OpenGL 2.0 launched with built-in shader language
Pixel programming part of full spec.
OpenGL 2.0 was formally launched today and with it the completion of the graphics API's Shading Language specification for vertex- and pixel-shader programming.
OpenGL Shading Language was approved by the OpenGL Architecture Review Board (ARB) in June 2003 as an extension to OpenGL 1.4, which has since been updated to version 1.5.
The language was always destined to be integrated into the full OpenGL specification, and that's essentially what happened today. Next, graphics chip vendors have to offer OpenGL 2.0-capable drivers, allowing programmers to code using the new API in the sure and certain knowledge that their apps will run on the latest programmable pixel and vertex shaders from ATI, Nvidia, Intel and co.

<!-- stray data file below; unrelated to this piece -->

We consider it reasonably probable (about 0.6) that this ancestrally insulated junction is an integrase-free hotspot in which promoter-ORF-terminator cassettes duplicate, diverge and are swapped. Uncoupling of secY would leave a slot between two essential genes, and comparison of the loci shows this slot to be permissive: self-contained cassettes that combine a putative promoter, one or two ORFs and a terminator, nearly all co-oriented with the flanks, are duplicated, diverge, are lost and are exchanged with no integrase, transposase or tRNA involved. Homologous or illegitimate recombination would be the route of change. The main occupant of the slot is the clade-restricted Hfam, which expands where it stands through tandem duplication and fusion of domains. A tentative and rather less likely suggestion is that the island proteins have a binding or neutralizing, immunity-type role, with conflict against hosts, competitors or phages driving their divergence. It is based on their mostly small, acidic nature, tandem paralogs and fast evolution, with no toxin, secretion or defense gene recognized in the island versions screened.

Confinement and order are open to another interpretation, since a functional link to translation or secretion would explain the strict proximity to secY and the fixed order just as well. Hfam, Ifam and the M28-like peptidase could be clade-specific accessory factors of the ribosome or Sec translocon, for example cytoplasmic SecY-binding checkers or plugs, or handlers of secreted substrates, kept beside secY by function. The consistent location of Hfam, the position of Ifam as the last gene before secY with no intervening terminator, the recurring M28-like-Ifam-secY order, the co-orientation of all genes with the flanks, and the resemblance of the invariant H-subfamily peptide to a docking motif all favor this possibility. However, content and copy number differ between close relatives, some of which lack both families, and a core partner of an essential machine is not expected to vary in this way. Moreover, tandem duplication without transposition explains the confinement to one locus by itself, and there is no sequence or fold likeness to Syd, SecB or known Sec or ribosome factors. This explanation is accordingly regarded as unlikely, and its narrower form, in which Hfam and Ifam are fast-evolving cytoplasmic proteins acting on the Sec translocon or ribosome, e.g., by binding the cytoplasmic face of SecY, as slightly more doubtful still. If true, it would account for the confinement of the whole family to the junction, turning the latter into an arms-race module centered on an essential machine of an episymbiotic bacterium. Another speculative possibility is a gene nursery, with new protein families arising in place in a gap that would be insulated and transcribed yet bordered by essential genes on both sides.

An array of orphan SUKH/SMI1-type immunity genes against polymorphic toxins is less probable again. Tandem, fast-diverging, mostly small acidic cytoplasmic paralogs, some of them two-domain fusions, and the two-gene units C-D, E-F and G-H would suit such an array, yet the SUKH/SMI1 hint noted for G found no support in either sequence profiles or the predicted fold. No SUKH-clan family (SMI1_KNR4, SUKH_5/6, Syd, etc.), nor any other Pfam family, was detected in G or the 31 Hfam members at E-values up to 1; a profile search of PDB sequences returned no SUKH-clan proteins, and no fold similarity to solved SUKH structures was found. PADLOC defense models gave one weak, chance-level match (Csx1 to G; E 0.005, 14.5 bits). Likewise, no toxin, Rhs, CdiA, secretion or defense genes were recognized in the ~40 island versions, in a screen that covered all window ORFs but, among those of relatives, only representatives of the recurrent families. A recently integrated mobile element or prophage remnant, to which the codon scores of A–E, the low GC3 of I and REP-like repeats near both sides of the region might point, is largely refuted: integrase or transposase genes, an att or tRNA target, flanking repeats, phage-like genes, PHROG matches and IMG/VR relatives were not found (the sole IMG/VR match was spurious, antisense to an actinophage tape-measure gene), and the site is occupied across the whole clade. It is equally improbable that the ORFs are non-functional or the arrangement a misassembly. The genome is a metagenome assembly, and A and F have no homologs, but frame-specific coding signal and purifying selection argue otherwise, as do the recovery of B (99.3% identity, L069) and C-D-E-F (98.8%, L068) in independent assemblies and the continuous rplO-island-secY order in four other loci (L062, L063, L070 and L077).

And, indeed, both ATI and Nvidia were quick to voice their happiness that Shading Language has been wrapped into OpenGL and is no longer an optional add-on.
Programmable shader support remains OpenGL 2.0's key feature, but it's not the only one. The ARB have also included technology that enables support from multiple render targets in a single pass and to allow developers to apply rectangular rather than square, 'power of two' textures for all texture targets.
OpenGL 2.0 also adds support for point sprites, "which replace point texture coordinates with texture coordinates interpolated across the point". Essentially, points are treated as textures and textures as points, enabling some interesting particle effects.
The API now includes two-sided stencil support "with the ability to define stencil functionality for the front and back faces of primitives, improving performance of shadow volume and constructive solid geometry rendering algorithms". ®